Let’s get this straight.
The NBA needs a new villain, and the NFL has a most unlikely bad boy.
Leave it to Peyton Manning and LeBron James — the two most compelling players in the NFL and NBA — to reinvent their public images in a most endearing way.
James, who alienated much of the NBA fandom with his “I’m taking my talents to South Beach” bravado four summers ago, proved that you can go home again. His return to hometown Cleveland is absolutely magical.
Meanwhile, cool, calm and always-in-control Manning went out of character with his penalty-inducing trash talk in a preseason game.
This must be some kind of alternate universe.
It’s a pretty cool universe.
James’ return to the Cavaliers is the feel-good story of this NBA offseason. The Akron native jilted Cleveland for the Heat in a move that turned the league’s best player into an arch villain for many fans outside of Miami.
The fact that James was leaving a horrible franchise for a chance to win a title with the Heat (which he did) seemed to pale in comparison to the thoughts of traitor.
His July 8, 2010, televised homage to himself, “The Decision,” was a low-point in incredibly ill-advised public relations.
Cavs owner Dan Gilbert sent an angry letter, calling James’ decision a “cowardly betrayal.” James was vilified by fans, given the nicknames “LeBum” and “LeQuit.”
A common theme was that James had sold out for money and the glamour of Miami, criticism that was not especially correct or appropriate.
Based on the reaction to his return, Cleveland fans are willing to quickly forgive.
“I’m coming home,” James wrote in a letter published in Sports Illustrated. “My relationship with Northeast Ohio is bigger than basketball. I didn’t realize that four years ago. I do now.”
The powerful letter brought some fans to tears, according to a Cavs beat reporter.
Perhaps not surprising in this world of instant analysis, a poll backs that up. By a 62 to 12 percent margin, Ohio adults forgive James for leaving Cleveland in the summer of 2010 and approve 63 to 10 percent of the Cavaliers’ decision to bring him back, according to a Quinnipiac University poll.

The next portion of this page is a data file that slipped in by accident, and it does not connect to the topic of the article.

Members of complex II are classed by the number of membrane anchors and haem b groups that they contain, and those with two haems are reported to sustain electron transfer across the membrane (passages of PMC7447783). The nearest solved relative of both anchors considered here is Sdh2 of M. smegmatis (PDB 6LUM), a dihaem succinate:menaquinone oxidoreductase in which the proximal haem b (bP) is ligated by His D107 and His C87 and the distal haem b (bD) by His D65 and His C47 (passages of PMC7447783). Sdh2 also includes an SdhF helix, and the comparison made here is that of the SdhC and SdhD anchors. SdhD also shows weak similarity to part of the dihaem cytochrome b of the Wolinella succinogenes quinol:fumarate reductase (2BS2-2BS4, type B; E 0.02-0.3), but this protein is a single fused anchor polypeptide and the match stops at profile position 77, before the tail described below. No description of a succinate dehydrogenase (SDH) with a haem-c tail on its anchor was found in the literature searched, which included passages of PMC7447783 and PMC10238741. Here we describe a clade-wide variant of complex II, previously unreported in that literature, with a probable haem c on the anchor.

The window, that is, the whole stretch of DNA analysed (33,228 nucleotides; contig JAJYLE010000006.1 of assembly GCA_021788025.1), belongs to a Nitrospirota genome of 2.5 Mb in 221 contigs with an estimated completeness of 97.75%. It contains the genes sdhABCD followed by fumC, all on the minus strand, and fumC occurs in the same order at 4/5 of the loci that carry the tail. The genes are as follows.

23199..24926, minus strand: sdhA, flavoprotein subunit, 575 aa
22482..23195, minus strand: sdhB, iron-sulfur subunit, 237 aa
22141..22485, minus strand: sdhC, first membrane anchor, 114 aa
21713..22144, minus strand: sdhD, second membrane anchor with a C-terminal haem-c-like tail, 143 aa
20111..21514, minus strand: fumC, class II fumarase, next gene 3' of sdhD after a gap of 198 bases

Meanwhile, Manning, who could probably run for governor of a half-dozen states — including Indiana — and win in a landslide, put a dent in his squeaky clean image last week.
The Broncos’ quarterback confronted Houston safety D.J. Swearinger for hitting Wes Welker in the head, which left the slot receiver with his third concussion in 10 months. The hit drew a 15-yard penalty, but Manning took things to another level.
After throwing a 29-yard touchdown pass to Emmanuel Sanders on the next snap, Manning ran up to Swearinger and let him know it, drawing the first personal foul of his career and ultimately a $8,268 fine.
Even that, though, seems to only elevate his image.
If there was one knock on Manning, it was that he sometimes appeared emotionally detached (a phase I learned from a former girlfriend, but that’s another story). Being so analytical, Manning does not always display the fire some fans would like to see.
You can now check off that box. Backing up Welker sent a message that will help Denver this season.
“I accept the fine. It’s money well spent,” Manning said, who will make $17.5 million this season.
(By the way, Rolling Stone calculated that the NFL front office could use the fine to buy 486 Papa John’s two-topping pizzas with tax, delivery and tip included. Manning owns a number of outlets.)
So, James broke the hearts of Cleveland fans, but they are willing to take him back in a heartbeat.
Manning went all “in-your-face” (in a preseason game with no real consequence to the outcome) and only enhances his image.
Two legends in the making add new chapters.
Once-villain James turns prodigal son. Once-detached Manning taunts a defensive back with his voice, not just his arm.
And fans can sit back and enjoy the show.
The two most compelling figures in sports today just keep getting better.
Bob Johnson is a correspondent for the Daily Journal. Send comments to firstname.lastname@example.org.